• Port – A networking reference number used with the TCP/IP networking protocol which associates network packets (information sent over the network) with services or application programs. The port number is an indicator of which program running on a receiving computer will process the information received.
  • Process – A computer program running on a computer. A process is an actively running program.
  • Spam – Unsolicited jumk e-mail which you are not normally given an option to discontinue receiving. This type of mail is sent in bulk by to millions of e-mail addresses from a list. Sometimes an unsubscribe link is provided which may be a trick to find out if your email address is a valid address.
  • Spyware – A program that is used to gather information about a person or organization. This information may be targeted toward their internet habits such as what sites they visit but the collection of information is not necessarily limited to one area of information. The spyware program may or may not be installed with the computer user’s knowledge. Spyware is generally considered to collect information without the computer user’s knowledge. Cookies may be used to help spyware track user activity. Many free programs contain spyware such as the current popular freezip program.  One of the biggest concerns with spyware or any other potentially malicious software is that it may download other code and install it on the user’s system.  Additionally it may hide itself from the user to prevent it from being removed and make system changes which could ultimately ruin your operating system.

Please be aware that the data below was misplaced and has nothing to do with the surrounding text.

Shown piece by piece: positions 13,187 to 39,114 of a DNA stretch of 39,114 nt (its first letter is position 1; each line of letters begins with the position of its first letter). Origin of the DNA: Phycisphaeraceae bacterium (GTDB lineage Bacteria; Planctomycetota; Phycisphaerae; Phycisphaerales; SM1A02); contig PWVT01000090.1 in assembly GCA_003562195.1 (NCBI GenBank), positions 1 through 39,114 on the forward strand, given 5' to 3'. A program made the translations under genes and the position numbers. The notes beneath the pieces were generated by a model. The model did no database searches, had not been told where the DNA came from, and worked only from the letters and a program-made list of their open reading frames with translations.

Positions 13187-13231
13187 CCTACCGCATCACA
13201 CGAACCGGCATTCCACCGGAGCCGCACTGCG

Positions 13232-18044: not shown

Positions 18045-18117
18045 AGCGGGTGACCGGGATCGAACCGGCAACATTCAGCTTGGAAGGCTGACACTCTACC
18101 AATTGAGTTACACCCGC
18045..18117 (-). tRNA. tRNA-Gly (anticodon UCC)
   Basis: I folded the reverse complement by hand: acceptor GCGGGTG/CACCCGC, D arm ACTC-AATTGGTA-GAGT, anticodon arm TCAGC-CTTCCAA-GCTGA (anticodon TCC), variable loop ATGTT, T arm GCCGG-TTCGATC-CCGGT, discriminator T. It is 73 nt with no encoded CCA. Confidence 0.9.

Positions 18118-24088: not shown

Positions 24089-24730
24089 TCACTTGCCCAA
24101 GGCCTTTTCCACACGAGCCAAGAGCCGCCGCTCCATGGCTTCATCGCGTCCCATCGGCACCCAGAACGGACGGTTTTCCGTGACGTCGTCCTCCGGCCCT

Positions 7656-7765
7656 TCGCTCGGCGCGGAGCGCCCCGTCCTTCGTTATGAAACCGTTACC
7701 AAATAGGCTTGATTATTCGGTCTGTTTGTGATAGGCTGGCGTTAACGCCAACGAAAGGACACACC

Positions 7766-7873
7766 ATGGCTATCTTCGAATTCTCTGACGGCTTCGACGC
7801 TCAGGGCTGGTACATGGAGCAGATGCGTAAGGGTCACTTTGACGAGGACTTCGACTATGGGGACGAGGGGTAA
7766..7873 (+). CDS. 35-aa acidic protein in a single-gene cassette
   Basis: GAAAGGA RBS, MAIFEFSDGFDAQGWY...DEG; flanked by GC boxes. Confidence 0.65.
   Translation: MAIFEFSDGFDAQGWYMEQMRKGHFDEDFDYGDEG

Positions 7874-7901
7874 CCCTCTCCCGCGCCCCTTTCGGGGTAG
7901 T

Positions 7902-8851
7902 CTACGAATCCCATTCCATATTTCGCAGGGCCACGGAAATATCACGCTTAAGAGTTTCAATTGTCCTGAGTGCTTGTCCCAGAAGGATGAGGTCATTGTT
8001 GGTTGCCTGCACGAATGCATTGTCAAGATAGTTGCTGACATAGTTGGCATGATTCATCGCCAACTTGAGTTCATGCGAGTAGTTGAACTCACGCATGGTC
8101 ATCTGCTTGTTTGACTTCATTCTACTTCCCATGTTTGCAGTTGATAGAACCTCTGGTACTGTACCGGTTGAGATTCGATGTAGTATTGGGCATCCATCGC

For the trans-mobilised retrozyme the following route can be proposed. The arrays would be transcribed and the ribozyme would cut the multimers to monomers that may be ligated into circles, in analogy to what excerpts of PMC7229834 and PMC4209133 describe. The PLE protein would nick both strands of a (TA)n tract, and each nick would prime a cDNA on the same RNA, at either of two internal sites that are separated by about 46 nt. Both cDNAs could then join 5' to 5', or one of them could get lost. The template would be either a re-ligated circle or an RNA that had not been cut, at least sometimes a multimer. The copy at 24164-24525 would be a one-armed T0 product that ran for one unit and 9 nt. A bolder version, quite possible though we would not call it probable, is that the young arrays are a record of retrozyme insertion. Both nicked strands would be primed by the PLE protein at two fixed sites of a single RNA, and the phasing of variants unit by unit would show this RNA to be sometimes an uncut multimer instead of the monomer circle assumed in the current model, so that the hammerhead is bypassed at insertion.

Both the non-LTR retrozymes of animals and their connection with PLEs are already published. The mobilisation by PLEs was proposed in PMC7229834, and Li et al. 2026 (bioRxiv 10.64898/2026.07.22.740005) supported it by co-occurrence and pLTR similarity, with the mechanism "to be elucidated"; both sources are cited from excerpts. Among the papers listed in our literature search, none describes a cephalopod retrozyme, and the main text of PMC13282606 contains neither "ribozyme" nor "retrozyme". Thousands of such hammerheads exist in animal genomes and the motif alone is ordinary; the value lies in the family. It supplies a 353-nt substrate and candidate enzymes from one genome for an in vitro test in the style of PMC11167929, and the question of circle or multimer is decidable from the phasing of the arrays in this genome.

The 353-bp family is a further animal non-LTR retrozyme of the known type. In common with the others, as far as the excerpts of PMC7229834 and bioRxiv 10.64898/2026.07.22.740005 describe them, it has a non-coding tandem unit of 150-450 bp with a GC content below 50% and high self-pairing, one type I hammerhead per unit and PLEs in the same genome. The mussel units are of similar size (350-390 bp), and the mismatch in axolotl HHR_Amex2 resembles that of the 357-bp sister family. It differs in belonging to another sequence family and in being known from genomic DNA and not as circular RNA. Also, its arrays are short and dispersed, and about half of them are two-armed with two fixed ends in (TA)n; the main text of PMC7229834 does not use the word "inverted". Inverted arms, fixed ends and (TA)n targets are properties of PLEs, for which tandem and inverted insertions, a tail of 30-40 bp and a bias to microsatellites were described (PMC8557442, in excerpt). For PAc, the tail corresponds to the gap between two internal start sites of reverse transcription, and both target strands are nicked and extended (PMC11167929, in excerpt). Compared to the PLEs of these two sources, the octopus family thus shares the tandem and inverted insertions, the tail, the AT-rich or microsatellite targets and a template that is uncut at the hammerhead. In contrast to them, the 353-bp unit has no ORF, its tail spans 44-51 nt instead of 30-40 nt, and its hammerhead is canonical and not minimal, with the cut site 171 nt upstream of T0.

• TCP/IP – The networking protocol of the internet. It is a set of standards which defines how information is sent across the internet. It supports the ability for data to reach its proper destination (address) and be processed by the proper computer program (port).
  • Trojan – A program which is usually given away for free which has a hidden purpose.  It may be some type of file such as a video that user’s may be interested in.  The user would normally install and run this program although the installation would be so simple the user would be unaware of it.  This program may or may not use a vulnerability to spread.
  • Virus – Malicious software that spreads by attaching itself to files or creating files that may be executed in some way. Usually it is sent to users as an email attachment. It may require a computer software vulnerability to spread depending on the type of program it uses to spread.
  • Vulnerability – Typically, a software bug or misconfiguration which affects the operation of an operating system or other program run on a computer allowing it to be more easily accessed using methods not intended by the program creator. Hackers, worms, viruses, and trojans use vulnerabilities to gain access to computer systems without the user’s knowledge.
  • Worm – Spreads without the user taking any action and usually exploits a bug (or vulnerability) in an operating system or some other program that may be running on a computer.  This requires a computer software vulnerability to spread. Many people’s computer systems have been infected by worms just by conecting to the internet. A presonal firewall should stop most worms.

Additional definitions and terms may be found at Definitions.